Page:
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Is it possible to see a computer program?

The EU Court of Justice recently ruled that computer screen images are not covered by the Software Directive.

Computer programs have been copyright protected throughout the EU since the early 1990s when the Software Directive was introduced.
The principle has always been that the copyright protection covers the software’s source code – the code written by programmers – and object code which translates the source code into machine code which can then be read by the computer. But what about the screen image? This was the question before the EU Court in a case from the Czech Republic.
No blanket protection
The EU Court ruled that the screen image is what enables ‘communication’ between the program and the user. But the Court did not see the screen image as an expression of the computer program as such because the screen image does not make it possible to reproduce the computer program. Accordingly, the screen image is not covered by the copyright protection afforded by the Software Directive.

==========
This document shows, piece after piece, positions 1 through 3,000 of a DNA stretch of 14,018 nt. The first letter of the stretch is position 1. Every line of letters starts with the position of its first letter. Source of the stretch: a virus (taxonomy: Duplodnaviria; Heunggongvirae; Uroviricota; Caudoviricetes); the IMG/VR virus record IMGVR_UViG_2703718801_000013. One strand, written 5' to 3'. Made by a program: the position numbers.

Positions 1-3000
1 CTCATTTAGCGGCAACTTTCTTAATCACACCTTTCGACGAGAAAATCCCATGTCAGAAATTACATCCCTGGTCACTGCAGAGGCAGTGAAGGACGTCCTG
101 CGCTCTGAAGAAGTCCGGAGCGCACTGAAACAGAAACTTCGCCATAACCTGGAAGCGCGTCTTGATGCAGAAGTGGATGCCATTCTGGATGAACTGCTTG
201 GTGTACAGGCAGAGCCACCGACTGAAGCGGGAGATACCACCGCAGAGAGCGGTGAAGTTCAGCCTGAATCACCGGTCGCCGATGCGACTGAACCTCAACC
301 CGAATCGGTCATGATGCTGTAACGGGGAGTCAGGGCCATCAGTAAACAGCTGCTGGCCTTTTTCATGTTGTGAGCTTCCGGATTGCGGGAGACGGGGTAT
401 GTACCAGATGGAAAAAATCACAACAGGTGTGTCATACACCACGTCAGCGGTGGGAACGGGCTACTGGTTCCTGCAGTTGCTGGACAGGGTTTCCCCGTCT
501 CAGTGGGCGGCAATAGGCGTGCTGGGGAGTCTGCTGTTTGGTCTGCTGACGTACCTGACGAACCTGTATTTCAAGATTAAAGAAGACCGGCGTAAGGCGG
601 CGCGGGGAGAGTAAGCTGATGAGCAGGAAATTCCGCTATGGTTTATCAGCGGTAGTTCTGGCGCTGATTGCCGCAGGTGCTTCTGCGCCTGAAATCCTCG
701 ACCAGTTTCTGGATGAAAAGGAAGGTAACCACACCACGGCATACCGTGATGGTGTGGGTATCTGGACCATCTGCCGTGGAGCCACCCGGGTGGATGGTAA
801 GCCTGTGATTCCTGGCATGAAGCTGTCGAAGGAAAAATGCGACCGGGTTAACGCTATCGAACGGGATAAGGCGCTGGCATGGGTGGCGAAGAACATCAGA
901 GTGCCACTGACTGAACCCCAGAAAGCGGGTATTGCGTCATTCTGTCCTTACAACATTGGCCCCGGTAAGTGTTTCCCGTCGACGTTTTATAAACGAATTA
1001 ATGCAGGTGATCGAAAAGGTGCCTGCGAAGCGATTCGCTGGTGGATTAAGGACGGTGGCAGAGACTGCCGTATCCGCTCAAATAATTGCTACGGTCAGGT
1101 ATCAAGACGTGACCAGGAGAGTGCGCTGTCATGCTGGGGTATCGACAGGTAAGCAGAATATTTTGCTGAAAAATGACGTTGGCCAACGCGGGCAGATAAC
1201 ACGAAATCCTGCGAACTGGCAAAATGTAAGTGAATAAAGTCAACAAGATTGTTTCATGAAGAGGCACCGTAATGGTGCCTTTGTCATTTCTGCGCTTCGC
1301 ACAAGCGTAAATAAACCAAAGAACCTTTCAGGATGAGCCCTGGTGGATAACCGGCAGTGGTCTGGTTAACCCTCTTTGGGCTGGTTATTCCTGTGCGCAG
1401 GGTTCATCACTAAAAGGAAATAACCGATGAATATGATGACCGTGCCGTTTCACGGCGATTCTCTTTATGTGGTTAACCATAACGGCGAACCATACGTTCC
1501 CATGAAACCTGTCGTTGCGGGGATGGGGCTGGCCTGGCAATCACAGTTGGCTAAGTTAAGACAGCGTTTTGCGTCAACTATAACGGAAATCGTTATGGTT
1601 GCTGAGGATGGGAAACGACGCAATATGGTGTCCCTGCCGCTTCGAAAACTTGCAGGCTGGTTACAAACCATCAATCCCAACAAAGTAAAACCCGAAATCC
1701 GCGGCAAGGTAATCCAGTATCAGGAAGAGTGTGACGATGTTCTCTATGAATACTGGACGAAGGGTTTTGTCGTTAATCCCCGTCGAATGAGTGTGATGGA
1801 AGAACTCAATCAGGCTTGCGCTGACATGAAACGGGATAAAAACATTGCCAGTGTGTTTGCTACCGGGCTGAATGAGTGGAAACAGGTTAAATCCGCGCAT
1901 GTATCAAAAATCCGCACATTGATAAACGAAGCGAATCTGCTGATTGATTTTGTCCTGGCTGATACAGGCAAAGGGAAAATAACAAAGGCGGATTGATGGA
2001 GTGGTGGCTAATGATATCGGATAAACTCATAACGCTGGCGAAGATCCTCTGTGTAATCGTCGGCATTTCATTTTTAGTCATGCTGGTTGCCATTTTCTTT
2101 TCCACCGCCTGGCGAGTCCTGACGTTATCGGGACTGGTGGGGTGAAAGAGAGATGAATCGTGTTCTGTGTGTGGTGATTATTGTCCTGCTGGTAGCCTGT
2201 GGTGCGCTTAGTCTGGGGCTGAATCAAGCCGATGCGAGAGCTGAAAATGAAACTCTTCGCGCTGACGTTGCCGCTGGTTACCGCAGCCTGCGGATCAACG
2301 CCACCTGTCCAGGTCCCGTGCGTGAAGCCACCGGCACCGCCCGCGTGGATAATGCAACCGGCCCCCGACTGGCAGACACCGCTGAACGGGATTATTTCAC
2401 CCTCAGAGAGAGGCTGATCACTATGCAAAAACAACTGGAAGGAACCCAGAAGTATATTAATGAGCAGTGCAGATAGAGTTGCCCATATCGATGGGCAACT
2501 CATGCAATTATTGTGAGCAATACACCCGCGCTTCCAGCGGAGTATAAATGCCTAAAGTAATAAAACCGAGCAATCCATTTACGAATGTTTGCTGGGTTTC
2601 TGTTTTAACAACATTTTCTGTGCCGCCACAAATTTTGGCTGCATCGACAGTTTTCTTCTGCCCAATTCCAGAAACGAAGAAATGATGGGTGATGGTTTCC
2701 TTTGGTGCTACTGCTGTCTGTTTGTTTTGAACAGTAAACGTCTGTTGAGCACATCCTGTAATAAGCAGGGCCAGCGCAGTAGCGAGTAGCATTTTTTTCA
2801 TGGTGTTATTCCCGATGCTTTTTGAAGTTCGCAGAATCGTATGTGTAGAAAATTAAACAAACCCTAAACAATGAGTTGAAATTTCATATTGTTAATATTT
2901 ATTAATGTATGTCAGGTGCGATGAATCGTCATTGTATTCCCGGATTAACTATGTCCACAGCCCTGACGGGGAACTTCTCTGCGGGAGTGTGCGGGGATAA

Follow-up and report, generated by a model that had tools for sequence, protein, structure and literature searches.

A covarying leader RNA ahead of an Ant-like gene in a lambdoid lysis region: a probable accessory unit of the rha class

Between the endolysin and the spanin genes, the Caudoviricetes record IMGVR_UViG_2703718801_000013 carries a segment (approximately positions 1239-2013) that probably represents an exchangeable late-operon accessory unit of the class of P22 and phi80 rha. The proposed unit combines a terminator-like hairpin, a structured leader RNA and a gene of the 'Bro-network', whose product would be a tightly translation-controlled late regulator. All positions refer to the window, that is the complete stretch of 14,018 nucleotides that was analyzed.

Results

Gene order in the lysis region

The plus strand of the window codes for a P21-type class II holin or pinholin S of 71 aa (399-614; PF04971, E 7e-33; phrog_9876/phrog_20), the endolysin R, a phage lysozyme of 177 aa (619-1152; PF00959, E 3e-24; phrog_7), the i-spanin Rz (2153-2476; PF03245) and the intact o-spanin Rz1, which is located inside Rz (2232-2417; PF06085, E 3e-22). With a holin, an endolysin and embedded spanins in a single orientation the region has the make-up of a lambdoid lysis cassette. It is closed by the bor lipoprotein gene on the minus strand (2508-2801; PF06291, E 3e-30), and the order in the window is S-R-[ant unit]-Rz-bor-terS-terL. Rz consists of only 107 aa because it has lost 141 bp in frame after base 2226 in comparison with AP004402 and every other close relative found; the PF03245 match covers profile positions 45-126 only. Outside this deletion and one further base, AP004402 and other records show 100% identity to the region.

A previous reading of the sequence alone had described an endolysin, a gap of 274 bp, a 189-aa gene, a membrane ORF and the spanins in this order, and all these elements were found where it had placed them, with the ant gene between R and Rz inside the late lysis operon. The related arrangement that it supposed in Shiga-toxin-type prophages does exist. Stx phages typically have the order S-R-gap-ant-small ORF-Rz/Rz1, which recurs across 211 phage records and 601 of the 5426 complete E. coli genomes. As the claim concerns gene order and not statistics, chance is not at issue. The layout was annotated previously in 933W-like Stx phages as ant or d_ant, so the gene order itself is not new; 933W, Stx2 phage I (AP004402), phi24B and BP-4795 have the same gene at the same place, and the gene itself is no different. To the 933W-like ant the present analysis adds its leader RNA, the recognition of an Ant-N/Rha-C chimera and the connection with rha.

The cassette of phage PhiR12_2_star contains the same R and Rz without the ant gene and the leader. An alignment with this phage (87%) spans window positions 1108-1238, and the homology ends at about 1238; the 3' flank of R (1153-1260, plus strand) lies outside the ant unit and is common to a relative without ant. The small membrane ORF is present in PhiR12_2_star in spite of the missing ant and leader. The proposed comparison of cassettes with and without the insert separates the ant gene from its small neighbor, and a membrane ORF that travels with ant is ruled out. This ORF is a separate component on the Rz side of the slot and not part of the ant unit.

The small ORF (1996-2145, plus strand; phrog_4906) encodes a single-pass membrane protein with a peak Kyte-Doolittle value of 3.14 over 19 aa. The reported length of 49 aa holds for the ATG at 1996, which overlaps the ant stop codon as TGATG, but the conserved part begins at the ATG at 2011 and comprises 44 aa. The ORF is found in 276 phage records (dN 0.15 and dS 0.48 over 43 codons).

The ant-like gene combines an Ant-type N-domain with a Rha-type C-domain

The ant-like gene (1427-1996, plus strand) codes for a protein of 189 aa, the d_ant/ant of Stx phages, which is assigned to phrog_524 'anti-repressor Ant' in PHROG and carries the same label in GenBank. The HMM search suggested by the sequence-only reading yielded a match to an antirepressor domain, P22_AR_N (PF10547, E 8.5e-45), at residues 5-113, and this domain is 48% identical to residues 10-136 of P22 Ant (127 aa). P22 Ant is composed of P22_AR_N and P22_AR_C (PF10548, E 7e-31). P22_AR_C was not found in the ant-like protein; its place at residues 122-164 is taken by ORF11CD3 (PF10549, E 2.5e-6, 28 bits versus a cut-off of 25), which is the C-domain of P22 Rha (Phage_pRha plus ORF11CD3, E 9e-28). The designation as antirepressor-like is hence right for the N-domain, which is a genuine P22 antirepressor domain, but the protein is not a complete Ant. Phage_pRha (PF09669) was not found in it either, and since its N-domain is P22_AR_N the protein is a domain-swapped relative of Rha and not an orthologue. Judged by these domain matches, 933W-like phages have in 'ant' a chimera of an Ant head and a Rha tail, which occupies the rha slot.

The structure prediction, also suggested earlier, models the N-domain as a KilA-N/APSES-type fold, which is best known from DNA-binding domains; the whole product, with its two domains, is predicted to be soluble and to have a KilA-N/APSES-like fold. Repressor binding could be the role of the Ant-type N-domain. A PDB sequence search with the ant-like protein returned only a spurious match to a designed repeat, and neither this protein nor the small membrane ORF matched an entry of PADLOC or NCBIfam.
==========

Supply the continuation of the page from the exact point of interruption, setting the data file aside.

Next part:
That being said, a screen image may be protected by copyright if it meets the normal requirements for a work to be original. This means that the screen image must be the author’s own intellectual creation.
If an element of the screen image is only there because of its technical function – that is, if it enables the user to ‘communicate’ with the computer program – the element will not be covered by the copyright protection.
Norrbom Vinding notes:
  • that the Czech proceedings did not concern copyright infringement; and

  • that it cannot be ruled out, therefore, that more specific questions may be referred to the EU Court in the future about the scope of the general copyright protection of on-screen images and similar questions.
The above does not constitute legal advice and should not be relied upon as such

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